To keep things simple, it is good to remember that there are only three types of cooking methods. It helps to simplify when cooking as much as possible. Within each type, there are several variations of methods. The three methods.
- Dry-heat Cooking Method
- Moist-heat Cooking Method
- Combination Cooking Method
Foods can be cooked in air, fat, water or steam and that is it. When we say that, we’re talking about the mediums required to transfer heat to your foods. Convection, conduction, and radiation. Alter your style of cooking to better suit the meat or vegetable you are cooking. Cooking preparation is king when it comes to mise en place.
Dry Heat Cooking Method
Dry-heat cooking methods are those that utilize air or fat. These are:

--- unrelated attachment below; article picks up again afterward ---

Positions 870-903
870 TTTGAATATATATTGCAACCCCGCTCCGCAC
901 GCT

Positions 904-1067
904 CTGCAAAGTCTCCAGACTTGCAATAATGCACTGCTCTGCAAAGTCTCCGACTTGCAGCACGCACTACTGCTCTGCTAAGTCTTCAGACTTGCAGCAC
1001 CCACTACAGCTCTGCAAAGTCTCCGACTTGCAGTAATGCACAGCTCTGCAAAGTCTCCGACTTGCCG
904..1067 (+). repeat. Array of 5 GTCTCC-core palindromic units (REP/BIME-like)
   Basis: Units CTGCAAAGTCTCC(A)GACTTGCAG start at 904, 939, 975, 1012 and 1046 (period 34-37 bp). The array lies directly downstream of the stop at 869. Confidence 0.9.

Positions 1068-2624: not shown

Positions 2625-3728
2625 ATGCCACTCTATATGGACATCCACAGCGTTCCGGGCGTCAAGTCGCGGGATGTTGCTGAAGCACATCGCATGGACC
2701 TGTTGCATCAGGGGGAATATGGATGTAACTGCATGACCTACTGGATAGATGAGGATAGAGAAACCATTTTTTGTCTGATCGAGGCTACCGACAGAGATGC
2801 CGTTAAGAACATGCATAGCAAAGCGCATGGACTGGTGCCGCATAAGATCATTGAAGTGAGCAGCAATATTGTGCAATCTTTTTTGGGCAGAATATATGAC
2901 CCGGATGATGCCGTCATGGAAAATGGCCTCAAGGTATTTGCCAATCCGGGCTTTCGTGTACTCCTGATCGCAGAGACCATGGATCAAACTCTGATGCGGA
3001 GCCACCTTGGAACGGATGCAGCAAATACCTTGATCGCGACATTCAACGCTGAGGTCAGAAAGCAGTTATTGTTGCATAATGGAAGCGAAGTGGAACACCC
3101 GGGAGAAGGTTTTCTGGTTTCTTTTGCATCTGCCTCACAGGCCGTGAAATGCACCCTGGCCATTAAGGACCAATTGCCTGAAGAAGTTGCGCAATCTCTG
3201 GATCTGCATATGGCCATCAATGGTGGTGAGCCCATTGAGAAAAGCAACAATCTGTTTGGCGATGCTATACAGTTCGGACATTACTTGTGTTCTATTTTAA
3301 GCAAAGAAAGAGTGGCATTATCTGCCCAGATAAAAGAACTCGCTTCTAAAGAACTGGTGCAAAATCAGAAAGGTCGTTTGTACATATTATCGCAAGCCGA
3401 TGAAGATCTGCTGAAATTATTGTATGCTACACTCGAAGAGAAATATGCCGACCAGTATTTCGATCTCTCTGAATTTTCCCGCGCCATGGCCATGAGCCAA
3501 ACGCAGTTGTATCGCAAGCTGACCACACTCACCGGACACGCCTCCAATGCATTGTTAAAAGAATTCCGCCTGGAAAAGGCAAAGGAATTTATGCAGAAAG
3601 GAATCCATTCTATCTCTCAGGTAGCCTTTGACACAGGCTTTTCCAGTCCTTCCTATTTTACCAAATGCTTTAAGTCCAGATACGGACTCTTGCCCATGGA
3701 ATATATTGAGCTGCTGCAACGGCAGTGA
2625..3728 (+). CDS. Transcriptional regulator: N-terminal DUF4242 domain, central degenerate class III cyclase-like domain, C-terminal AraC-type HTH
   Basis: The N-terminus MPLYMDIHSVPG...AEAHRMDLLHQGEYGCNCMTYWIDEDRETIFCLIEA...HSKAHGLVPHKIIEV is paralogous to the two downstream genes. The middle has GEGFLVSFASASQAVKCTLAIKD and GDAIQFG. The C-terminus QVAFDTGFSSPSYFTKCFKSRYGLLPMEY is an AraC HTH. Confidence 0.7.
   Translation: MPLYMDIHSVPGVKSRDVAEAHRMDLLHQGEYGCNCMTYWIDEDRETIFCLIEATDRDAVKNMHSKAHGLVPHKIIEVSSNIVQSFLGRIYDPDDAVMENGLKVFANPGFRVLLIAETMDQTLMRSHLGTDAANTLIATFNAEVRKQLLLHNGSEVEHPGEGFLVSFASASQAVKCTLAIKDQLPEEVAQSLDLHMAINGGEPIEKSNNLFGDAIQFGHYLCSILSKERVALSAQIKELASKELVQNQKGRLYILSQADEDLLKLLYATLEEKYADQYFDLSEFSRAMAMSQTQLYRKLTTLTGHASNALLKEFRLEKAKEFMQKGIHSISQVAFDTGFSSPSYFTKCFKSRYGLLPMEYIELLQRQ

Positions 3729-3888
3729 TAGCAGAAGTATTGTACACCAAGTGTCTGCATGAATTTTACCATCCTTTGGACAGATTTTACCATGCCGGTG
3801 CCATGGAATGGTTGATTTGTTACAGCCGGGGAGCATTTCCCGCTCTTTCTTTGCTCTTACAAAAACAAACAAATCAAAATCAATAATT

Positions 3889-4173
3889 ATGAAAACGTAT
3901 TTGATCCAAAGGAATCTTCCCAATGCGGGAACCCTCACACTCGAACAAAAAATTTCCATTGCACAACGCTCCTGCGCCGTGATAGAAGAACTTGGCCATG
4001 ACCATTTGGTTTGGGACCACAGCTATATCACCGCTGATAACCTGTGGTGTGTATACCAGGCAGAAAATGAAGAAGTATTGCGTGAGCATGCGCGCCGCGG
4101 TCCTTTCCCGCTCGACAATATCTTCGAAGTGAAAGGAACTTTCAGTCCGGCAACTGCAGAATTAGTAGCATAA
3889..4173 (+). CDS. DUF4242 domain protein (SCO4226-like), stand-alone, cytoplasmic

- Deep-fat frying
Foods cooked using this method have a rich flavor due to the caramelization and browning of the foods.
Moist Heat Cooking Method
Moist-heat uses water or steam for its cooking procedure. They include:
We use moist-heat cooking methods to emphasize the natural flavor in foods and reduce the major losses of water-soluble vitamins and increase the digestibility of protein.
Combination Cooking Method
Combination cooking is a method that incorporates both dry- and moist-heat cooking. These are:
Each one of these cooking methods can be applied to a large variety of foods including meats, vegetables, fish, pastries, cakes, cookies, etc. to finish different styles of cooking. The most common combination cooking appliance is a slow cooker. If you haven’t got one yet or if you are looking for a better quality slow cooker, check out my recommended Instapot slow cooker on Amazon by clicking here.
Applying the Cooking Methods